Oriental Shorthair (UK/Europe)


Identical to the Siamese apart from color - self, spotted, tabby, bicolor etc. The Spotted Tabby Oriental Shorthair was, for a time, known as the Egyptian Cat/Mau in the UK. In some registries, self-color oriental-type cats are called Foreign Shorthairs, leaving the Oriental Shorthair designation for patterned cats.

Oriental Shorthair (US)


Identical to the Siamese apart from a self (solid) coat. Chestnut Oriental Shorthair is known as Havana in the UK; not the same as the Havana Brown found in US.

Original Ragdoll

Alternative Name

See IRCA Ragdoll

Owyhee Bob


Derived from Manx x Siamese. Longhair, shorthair and semi-longhair with tails ranging from longy through stumpy to rumpy. Combines Manx type with Siamese colouring. A colour considered unique to the breed is Snow Marble; this appears to be bicolour pointed (interaction of white spotting and colour points to give cats with splashes of colour on the body and darker splashes on the points) and looks similar to the colouration of some European Bicolour Orientals.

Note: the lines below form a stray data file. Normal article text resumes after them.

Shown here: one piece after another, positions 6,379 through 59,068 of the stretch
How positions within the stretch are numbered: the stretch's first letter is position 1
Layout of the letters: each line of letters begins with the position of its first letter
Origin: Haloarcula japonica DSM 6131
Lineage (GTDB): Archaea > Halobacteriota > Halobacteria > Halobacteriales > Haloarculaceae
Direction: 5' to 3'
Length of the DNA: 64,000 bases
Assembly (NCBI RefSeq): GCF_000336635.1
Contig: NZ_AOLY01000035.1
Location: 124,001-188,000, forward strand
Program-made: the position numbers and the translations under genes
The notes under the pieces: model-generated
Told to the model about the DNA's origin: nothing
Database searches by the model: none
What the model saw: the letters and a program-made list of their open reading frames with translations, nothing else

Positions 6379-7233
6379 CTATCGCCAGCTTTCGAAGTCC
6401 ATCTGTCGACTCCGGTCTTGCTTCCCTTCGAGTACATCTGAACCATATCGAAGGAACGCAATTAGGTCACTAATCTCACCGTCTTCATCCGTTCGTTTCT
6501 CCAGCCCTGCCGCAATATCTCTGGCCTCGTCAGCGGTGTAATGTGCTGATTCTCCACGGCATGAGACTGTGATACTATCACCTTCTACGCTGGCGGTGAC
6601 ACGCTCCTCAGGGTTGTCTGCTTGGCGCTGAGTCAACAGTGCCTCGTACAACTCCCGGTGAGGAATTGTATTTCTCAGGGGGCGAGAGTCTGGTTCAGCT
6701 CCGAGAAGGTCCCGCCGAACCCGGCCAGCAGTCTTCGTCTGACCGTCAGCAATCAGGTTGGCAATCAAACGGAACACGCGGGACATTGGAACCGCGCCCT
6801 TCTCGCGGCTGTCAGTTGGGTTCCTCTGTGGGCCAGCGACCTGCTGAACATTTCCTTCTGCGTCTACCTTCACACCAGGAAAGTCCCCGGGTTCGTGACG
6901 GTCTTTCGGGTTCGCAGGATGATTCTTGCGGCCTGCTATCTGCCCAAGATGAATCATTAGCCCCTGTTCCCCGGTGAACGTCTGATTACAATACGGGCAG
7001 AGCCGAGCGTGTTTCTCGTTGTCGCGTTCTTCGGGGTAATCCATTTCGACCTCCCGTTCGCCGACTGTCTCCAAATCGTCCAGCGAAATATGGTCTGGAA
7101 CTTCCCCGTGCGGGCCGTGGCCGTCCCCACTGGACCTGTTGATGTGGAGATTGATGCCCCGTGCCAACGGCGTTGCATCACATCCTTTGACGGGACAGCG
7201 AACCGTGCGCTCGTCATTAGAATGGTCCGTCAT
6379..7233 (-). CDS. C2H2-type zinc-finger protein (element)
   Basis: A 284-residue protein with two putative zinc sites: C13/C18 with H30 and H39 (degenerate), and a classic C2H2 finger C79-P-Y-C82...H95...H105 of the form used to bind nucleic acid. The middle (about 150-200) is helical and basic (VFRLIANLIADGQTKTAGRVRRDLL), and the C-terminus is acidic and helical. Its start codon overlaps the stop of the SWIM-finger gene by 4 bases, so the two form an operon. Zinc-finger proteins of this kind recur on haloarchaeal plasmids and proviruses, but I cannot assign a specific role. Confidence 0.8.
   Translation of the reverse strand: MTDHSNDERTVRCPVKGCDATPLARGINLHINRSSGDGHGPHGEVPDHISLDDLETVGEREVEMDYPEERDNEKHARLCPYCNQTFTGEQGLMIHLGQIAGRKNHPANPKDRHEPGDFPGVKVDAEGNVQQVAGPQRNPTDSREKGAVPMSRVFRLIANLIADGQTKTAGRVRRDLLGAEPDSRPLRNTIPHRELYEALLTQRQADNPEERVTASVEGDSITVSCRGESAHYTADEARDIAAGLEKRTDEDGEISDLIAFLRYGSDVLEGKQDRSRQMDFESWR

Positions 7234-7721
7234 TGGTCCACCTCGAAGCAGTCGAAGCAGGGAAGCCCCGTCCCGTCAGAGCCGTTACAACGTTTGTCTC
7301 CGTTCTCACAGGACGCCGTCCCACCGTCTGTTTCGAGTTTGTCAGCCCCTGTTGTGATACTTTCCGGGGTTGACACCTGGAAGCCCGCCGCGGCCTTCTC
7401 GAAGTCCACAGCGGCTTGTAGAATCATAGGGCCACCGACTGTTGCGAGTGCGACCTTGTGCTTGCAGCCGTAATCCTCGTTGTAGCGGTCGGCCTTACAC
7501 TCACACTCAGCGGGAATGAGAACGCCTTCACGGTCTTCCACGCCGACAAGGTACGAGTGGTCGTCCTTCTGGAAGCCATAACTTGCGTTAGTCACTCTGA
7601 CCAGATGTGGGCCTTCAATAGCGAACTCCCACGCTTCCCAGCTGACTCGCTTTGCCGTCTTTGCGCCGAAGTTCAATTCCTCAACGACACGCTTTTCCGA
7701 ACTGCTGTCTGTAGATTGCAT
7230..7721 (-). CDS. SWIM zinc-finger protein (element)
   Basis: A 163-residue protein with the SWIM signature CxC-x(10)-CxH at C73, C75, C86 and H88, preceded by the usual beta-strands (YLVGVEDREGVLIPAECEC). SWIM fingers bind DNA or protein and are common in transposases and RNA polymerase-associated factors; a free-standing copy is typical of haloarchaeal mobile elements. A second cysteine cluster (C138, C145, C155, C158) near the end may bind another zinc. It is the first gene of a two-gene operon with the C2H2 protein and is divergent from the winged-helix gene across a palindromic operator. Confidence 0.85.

CAT BREEDS TIME-LINE - A list of dates when breeds and varieties (i.e. populations which bred true) were discovered or recognised (now held on its own webpage due to the increasing size of this list).

CAT COLOURS & PATTERNS  - A plain English guide to cat colours and patterns, including breed-specific colours/patterns.

About this List of Breeds and the Breeds Time-Line
This file was originally started for my own interest back in the 1980s. Information on currently recognised cat breeds is readily available in books, from registries/governing bodies (GCCF, FIFe, ACFA etc), breed societies or on the Internet. Breed recognition and breed descriptions vary between registries and countries. This "layperson's list" contains general descriptions only and is not (nor will it ever be) specific to any single registry, breed society or cat-breeding country. It will not link to, nor name, any breeder pages or cattery pages as this would compromise its independence. It comprises information and trivia from diverse sources worldwide including historical texts and personal correspondence. I wish to express my gratitude to the various contributors who have helped me keep it up-to-date.